That statement appeared to back up earlier assertions by Iranian officials that a faulty engine had led to the accident.
“According to preliminary information,” the statement had read, “the plane crashed as a result of a technical failure of the engine. The possibility of a terrorist attack or missile strike are currently ruled out.”
But by 10am local time, that page was no longer accessible from the embassy’s site, with no additional information given about the details of the crash.
Later, a new statement appeared at the same web address saying that it was for an official commission to determine the cause of the accident.
There was no immediate explanation for the apparent retraction.
Flight PS752, a Boeing 737-800, took off from Tehran’s Imam Khomeini International Airport at 6:12 am, losing contact two minutes later. The crash happened a few hours after Iran launched missile strikes on US military bases in Iraq.
According to aviation authorities, there were 167 passengers and 9 crew on board. The vast majority of those on board were Iranian (82) and Canadian (63) citizens.
Tehran was quick to blame technical problems for the crash. Qassem Biniaz, a spokesman for Iran’s Road and Transportation Ministry, said the pilot “lost control of the plane” after a fire broke out in one of its engines.
Modern aircraft engines are designed to withstand the failure of an engine, even if it catches fire. What seems to be unusual in this case is that after a normal climb, the plane stopped sending all data at around 8000 feet. That would seem to suggest a catastrophic incident of some sort.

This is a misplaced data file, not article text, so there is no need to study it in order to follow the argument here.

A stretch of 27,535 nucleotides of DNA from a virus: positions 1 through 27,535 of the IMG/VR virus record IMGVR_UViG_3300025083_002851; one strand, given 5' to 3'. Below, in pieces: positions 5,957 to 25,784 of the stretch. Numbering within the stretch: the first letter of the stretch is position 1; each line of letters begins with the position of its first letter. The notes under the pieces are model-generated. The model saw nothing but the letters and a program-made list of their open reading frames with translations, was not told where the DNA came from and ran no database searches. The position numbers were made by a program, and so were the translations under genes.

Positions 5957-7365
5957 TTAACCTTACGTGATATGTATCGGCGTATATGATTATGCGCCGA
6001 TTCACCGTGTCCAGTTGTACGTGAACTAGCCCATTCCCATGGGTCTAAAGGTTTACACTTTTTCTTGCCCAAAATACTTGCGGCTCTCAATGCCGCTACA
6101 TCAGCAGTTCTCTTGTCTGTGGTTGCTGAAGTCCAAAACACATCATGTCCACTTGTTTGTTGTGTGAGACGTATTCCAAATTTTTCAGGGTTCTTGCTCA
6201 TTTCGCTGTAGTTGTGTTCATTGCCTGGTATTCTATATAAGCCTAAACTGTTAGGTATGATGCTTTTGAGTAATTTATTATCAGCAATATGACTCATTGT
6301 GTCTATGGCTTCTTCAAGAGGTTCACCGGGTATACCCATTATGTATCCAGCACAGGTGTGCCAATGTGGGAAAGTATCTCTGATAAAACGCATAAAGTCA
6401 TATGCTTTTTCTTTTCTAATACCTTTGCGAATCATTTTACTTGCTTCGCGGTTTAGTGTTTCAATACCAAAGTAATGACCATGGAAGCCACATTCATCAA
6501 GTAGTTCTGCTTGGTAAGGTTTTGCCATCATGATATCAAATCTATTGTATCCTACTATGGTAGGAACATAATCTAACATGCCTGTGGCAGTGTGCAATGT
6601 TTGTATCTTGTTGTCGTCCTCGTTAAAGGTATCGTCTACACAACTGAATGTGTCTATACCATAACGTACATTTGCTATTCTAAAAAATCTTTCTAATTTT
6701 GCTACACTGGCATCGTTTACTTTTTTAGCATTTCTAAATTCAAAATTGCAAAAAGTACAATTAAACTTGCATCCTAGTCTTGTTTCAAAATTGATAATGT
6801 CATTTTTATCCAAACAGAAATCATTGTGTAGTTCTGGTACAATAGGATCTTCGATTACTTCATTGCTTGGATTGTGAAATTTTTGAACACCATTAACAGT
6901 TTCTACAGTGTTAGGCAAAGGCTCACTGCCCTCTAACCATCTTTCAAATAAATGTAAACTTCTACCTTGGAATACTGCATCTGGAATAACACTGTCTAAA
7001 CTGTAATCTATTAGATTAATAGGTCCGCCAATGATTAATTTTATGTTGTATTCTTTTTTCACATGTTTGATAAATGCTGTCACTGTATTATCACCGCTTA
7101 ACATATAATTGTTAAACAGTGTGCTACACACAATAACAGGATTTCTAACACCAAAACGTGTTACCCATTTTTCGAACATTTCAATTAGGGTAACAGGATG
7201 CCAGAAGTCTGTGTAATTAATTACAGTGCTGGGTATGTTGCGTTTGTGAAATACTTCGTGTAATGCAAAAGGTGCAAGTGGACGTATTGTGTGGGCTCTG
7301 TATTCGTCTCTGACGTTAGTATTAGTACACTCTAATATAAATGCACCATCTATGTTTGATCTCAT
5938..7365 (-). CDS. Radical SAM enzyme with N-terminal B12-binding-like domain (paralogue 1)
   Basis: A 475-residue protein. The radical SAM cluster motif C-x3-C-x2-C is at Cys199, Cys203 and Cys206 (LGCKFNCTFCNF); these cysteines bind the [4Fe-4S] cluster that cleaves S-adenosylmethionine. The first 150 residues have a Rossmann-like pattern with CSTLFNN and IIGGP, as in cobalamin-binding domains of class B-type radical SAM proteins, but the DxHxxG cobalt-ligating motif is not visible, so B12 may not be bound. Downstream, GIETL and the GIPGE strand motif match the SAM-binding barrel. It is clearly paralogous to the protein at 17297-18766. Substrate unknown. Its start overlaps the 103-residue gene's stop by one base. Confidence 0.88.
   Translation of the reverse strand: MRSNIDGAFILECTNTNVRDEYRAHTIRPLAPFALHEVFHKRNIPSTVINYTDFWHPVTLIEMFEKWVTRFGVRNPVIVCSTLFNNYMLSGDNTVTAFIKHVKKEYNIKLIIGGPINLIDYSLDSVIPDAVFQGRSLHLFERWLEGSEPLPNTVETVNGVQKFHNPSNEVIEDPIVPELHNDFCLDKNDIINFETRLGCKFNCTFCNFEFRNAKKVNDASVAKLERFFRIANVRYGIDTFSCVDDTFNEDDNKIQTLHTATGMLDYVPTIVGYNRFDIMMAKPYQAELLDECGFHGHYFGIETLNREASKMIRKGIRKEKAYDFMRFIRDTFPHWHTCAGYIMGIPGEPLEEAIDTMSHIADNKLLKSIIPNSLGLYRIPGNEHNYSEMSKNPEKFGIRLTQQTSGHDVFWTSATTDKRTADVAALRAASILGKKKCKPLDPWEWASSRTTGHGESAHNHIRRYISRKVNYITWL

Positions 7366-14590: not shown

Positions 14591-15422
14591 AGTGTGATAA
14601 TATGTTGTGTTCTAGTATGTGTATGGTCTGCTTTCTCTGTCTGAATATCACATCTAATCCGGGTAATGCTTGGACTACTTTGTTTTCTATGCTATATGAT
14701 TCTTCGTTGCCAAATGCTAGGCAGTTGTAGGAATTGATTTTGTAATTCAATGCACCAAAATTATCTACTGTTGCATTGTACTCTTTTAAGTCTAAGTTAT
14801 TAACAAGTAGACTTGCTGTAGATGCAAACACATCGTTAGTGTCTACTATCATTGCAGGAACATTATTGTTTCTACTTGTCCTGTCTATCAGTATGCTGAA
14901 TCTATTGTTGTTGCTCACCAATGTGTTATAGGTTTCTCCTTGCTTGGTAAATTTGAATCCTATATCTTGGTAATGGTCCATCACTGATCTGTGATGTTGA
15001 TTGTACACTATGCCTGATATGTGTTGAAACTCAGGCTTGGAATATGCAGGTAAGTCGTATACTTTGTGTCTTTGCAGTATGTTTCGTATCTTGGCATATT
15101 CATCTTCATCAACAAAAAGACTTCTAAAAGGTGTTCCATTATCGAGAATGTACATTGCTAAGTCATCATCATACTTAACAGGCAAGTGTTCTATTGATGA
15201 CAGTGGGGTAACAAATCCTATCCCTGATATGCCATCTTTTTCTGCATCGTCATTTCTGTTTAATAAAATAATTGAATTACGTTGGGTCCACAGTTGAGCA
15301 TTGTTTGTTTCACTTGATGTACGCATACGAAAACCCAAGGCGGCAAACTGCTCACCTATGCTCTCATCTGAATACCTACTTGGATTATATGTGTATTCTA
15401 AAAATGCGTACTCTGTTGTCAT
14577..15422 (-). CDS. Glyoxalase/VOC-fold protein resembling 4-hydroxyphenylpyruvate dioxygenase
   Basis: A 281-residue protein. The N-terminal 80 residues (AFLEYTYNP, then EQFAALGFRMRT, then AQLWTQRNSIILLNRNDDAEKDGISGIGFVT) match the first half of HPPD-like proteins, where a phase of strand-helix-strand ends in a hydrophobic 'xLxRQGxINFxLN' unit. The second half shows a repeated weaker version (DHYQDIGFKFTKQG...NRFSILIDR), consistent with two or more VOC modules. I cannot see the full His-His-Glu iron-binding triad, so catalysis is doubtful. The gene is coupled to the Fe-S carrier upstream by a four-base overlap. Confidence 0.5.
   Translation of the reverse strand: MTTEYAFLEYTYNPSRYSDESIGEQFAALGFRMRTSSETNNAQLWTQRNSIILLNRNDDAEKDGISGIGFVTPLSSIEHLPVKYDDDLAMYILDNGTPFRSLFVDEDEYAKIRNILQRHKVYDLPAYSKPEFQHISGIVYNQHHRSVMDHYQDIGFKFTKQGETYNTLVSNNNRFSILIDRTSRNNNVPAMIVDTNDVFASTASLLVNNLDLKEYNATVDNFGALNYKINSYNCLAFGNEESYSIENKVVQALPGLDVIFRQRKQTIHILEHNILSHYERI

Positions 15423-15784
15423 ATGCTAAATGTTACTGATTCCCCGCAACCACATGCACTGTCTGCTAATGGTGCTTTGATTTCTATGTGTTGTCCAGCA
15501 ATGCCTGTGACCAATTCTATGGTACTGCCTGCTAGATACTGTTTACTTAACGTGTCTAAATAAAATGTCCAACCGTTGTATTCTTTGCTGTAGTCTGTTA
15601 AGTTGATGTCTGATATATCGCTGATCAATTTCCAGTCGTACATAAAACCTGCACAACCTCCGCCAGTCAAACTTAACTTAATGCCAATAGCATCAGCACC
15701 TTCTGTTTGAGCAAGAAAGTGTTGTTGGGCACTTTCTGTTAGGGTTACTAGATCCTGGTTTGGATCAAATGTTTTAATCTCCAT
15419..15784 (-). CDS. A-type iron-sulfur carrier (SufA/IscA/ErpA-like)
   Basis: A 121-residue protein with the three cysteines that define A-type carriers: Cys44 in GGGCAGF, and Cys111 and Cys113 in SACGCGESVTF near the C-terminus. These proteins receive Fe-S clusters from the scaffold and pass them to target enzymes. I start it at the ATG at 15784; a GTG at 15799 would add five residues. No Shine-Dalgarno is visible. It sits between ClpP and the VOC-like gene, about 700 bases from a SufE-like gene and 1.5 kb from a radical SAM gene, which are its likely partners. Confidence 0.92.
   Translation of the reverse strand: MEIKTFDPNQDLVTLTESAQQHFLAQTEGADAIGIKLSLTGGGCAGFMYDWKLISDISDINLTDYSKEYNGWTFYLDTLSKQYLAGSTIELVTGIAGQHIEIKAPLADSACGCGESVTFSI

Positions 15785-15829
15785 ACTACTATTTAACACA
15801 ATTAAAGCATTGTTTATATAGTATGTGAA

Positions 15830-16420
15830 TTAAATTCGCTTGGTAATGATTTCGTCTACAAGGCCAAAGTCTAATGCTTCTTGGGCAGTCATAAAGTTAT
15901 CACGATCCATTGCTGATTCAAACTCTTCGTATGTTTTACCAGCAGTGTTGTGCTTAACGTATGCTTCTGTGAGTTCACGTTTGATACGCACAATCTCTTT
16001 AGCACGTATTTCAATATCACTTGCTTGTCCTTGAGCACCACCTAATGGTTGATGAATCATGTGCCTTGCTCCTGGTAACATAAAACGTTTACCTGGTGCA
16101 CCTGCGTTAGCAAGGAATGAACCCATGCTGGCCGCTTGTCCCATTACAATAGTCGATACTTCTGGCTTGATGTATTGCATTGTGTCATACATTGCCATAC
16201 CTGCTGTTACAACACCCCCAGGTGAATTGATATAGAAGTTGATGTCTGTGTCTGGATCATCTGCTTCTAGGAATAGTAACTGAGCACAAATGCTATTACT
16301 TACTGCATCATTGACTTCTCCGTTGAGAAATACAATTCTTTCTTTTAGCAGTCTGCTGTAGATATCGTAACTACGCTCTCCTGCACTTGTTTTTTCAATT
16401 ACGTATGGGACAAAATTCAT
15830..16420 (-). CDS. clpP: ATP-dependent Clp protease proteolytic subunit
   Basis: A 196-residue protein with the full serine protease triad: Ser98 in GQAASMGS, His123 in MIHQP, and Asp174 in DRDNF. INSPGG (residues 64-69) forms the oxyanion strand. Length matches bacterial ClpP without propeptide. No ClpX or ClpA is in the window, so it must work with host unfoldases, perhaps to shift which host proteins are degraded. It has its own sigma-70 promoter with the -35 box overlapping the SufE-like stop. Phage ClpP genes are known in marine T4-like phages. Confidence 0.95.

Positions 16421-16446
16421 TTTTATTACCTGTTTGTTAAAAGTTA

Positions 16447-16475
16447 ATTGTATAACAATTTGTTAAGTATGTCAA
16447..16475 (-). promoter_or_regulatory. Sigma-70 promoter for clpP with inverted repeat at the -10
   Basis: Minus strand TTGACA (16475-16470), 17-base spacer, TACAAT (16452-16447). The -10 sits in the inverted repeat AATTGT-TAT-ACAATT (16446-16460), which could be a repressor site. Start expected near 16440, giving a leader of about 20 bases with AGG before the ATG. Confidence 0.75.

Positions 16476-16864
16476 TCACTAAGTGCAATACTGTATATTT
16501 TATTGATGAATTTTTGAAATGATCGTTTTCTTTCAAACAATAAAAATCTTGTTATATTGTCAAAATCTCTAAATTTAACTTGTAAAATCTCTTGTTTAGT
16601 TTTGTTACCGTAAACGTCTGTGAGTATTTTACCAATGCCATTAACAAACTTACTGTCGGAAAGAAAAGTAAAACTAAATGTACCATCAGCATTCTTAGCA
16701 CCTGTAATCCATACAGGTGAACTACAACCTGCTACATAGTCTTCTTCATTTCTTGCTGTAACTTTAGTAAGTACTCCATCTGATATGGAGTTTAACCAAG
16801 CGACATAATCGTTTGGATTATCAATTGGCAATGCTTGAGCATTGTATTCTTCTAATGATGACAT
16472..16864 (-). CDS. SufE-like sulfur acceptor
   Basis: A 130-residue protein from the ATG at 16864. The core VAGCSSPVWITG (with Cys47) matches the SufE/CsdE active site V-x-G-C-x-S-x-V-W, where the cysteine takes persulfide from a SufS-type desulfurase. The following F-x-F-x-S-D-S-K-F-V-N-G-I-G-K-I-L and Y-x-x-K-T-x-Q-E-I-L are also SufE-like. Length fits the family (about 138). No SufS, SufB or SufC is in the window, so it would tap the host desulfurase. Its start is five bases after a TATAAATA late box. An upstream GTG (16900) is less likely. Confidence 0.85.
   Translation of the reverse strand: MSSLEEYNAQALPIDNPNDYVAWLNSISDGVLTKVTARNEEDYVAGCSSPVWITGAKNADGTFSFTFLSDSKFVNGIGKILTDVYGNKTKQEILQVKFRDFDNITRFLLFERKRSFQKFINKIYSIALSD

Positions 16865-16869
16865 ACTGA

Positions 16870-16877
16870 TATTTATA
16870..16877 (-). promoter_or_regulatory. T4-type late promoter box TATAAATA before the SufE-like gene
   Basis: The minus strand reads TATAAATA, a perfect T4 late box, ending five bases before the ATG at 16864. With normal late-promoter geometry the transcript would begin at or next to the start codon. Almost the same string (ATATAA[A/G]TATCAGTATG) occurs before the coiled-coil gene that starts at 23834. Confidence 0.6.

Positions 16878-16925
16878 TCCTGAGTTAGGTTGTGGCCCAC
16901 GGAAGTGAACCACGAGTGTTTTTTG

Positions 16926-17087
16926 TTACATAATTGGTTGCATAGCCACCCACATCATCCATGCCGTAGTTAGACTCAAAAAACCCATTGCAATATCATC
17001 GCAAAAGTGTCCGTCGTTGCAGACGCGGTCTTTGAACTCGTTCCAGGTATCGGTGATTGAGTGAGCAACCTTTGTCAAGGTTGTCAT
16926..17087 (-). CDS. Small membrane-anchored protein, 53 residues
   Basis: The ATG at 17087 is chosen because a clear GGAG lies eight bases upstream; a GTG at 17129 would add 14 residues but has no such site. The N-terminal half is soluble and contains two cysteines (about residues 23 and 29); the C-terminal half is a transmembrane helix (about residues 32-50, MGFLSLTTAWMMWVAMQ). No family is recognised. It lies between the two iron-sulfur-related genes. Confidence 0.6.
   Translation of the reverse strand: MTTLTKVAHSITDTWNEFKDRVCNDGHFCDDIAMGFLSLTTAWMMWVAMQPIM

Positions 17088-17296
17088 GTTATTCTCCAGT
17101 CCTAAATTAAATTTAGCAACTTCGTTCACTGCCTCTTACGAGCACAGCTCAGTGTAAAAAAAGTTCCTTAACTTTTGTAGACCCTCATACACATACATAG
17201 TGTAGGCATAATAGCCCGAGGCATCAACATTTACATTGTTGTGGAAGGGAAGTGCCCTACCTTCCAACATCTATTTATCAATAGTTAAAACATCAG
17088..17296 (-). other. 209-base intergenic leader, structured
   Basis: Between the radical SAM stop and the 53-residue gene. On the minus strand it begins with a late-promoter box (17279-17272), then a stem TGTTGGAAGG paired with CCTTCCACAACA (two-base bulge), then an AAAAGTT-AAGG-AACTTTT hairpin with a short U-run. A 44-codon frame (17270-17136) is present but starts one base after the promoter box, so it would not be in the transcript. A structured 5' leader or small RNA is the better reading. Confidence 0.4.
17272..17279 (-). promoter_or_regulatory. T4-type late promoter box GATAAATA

Clues will likely be contained in the plane’s flight recorders, which were recovered shortly after the crash. Iran’s civil aviation authorities said they would not follow normal practice of sending the boxes to US-plane manufacturer Boeing, but declined to say who would be responsible for analysing the data.
At a hastily arranged press conference on Wednesday morning, Ukrainian International Airlines (UIA) discounted the possibility of technical problems. There was “nothing wrong” with the aircraft, UIA’s president Yevgen Dykhne insisted. The plane was three years old and had only two days previously undergone a scheduled technical check.
“We guarantee the safety of our aircraft and the high qualification of our crews,” he said.
The airline announced it would be suspending all flights to Iran until further notice.
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